The Realities of OCD

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This photo represents the stereotype of being neat or a clean freak.

Dry, cracked, bleeding hands, yet the desire to wash them just once more is still there. Tears streaming, and heart racing. Thoughts that are never quiet, spewing about horrible things. Not a second of peace. This is what life can be like for people with Obsessive-Compulsive Disorder.
Obsessive compulsive disorder, more commonly referred to as OCD, is a mental disorder that affects 2.2 million adults according to the ADAA. Its symptoms include, but are not limited to, unwanted, intrusive thoughts, compulsions, repetitive and ritualistic behaviors. There are many different variants of OCD that have different symptoms. The different types of OCD include, checking, contamination, symmetry, intrusive thoughts, and hoarding.

OCD becomes severe when it affects a person’s daily life. While there is treatment, and medication OCD never truly goes away. People can only learn how to manage and live with it. It is an anxiety disorder, so when a person’s stress level goes up, their OCD symptoms can become worse. OCD can also lead to depression, other anxiety disorders, and a tic disorder. After reading about this, people would think it’s no cause for jokes, or not something to be taken lightly.

OCD in the media, is often portrayed as being a “neat freak” or a “perfectionist”. And when there are characters with “OCD” it is treated like a joke, and like that person is simply crazy, rather than suffering. This stereotype is harmful, and untrue. OCD is not an adjective, or a synonym for being neat and orderly. It is a serious condition that can significantly affect someone’s life. By portraying it as any less than that in the media, contributes to people not taking it seriously. This could even affect people from getting proper diagnoses and treatment, because all they have seen in the media is that OCD is the same thing as being a perfectionist. An example of a person with OCD in the media is Monica Geller from Friends. Her desire for things to be clean, can be a symptom of OCD, but the way hers is portrayed treats it more as a punchline, than as a mental condition. These portrayals have more of an effect than people think. This leads to people not taking OCD seriously, as well as people using OCD as an adjective, and not truly understanding what OCD is. For example, saying “I’m so OCD”. Bad representation can change everything. When people use OCD as an adjective, it takes away the weight and meaning of the word. This can also be demeaning to people who have OCD. OCD is so much more than just being neat and orderly. This goes for multiple mental conditions, not just OCD.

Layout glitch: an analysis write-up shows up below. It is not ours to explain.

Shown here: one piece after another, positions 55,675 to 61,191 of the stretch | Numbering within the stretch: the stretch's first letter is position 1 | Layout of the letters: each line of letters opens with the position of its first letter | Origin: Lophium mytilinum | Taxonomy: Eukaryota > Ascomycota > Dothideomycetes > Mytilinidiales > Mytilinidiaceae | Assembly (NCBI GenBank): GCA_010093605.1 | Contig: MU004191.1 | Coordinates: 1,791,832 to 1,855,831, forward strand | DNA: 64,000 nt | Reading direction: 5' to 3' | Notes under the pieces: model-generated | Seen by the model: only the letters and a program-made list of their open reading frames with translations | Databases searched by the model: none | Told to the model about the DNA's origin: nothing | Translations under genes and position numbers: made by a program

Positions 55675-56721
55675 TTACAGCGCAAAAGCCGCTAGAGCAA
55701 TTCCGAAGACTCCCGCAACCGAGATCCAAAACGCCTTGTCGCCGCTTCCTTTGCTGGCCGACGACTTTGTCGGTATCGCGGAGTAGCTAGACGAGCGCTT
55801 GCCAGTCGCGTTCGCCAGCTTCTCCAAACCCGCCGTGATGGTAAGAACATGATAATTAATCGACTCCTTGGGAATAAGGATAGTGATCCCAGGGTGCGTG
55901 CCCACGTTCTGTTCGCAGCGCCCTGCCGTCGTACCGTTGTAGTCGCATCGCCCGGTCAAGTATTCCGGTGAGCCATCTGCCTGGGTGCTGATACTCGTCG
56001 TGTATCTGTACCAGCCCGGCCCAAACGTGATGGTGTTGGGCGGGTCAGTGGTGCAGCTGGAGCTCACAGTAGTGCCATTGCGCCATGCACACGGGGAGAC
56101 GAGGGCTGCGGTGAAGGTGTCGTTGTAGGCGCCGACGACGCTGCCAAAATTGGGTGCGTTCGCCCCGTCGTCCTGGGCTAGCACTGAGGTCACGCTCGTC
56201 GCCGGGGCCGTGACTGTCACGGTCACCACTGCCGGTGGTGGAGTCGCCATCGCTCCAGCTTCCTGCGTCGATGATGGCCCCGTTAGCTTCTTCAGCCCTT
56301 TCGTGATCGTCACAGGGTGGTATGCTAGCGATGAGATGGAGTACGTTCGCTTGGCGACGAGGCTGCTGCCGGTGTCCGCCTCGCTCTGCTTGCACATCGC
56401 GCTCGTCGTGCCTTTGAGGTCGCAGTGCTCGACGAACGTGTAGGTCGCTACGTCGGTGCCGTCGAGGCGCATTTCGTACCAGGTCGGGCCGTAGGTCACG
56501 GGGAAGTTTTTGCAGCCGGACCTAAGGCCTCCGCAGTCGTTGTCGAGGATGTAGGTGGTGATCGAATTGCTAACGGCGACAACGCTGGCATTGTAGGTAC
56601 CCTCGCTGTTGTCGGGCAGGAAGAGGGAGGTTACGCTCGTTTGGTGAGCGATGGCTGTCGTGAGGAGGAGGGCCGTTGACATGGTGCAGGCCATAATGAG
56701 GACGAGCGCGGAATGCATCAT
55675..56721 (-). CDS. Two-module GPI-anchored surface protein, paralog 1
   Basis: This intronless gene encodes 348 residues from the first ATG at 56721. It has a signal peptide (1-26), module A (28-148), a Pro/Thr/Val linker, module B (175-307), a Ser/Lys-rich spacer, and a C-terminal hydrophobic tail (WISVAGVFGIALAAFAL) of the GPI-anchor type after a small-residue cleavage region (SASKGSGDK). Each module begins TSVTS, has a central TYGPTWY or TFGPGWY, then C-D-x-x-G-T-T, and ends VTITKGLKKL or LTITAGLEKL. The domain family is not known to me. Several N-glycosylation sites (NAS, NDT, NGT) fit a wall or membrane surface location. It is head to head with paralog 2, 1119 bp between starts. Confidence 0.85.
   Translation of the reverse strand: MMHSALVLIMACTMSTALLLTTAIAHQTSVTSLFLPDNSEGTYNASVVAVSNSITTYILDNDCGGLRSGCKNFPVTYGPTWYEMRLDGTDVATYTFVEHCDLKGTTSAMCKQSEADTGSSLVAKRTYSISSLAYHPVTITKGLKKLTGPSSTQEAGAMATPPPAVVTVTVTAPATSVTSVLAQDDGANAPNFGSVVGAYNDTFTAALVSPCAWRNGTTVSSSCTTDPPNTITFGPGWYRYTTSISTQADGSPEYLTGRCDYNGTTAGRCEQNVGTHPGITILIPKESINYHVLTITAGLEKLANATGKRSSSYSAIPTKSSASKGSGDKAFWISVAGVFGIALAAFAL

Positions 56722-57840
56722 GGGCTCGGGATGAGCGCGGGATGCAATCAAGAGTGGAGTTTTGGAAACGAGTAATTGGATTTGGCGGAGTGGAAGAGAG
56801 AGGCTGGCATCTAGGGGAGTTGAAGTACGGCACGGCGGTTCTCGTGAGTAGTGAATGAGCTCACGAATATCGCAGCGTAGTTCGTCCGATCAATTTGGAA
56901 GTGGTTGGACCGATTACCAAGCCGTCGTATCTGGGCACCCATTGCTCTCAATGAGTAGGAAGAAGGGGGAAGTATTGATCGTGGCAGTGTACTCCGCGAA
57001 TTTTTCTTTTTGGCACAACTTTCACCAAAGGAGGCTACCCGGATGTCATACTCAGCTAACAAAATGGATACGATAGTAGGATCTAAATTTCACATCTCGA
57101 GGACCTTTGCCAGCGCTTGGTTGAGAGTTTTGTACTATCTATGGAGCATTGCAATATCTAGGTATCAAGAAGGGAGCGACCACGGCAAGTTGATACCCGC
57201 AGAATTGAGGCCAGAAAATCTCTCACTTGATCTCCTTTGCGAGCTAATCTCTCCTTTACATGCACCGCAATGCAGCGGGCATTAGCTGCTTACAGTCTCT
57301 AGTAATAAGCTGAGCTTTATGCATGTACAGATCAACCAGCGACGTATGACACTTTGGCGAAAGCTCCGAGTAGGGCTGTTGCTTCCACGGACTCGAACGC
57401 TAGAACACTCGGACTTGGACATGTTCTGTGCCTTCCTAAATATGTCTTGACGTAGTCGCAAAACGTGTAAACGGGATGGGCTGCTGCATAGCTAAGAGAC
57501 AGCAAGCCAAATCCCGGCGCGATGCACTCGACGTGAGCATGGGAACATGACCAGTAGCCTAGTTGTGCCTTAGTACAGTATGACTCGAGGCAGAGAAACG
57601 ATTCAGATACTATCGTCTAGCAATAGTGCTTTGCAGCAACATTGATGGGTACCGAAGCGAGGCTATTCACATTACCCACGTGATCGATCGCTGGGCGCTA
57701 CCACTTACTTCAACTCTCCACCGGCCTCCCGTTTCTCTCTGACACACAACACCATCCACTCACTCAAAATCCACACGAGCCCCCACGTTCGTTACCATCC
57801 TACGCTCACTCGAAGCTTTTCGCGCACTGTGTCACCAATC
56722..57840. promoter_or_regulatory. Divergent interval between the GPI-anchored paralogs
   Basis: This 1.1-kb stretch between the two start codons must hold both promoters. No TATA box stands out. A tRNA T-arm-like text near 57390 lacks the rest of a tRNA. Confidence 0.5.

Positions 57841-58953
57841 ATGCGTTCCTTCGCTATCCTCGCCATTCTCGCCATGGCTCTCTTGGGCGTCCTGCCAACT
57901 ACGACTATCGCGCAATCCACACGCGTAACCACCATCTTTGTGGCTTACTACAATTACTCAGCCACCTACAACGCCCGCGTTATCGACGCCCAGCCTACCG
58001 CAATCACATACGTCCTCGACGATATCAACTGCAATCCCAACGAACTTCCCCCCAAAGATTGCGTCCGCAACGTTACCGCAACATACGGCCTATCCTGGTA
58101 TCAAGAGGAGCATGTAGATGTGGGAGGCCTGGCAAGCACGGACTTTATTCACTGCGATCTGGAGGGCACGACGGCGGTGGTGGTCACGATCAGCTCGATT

People’s words can have a heavy impact, and it’s important to understand the weight and meaning behind them. Always treat people with kindness, and understanding.

If you want to learn more about OCD check out these websites:
https://www.webmd.com/mental-health/obsessive-compulsive-disorder#:~:text=Obsessive%2Dcompulsive%20disorder%20(OCD)%20is%20a%20mental%20illness%20that,nails%20or%20thinking%20negative%20thoughts
https://iocdf.org/wp-content/uploads/2014/10/OCDMyth-Handout-092313.pdf
https://www.healthline.com/health/mental-health/severe-ocd#takeaway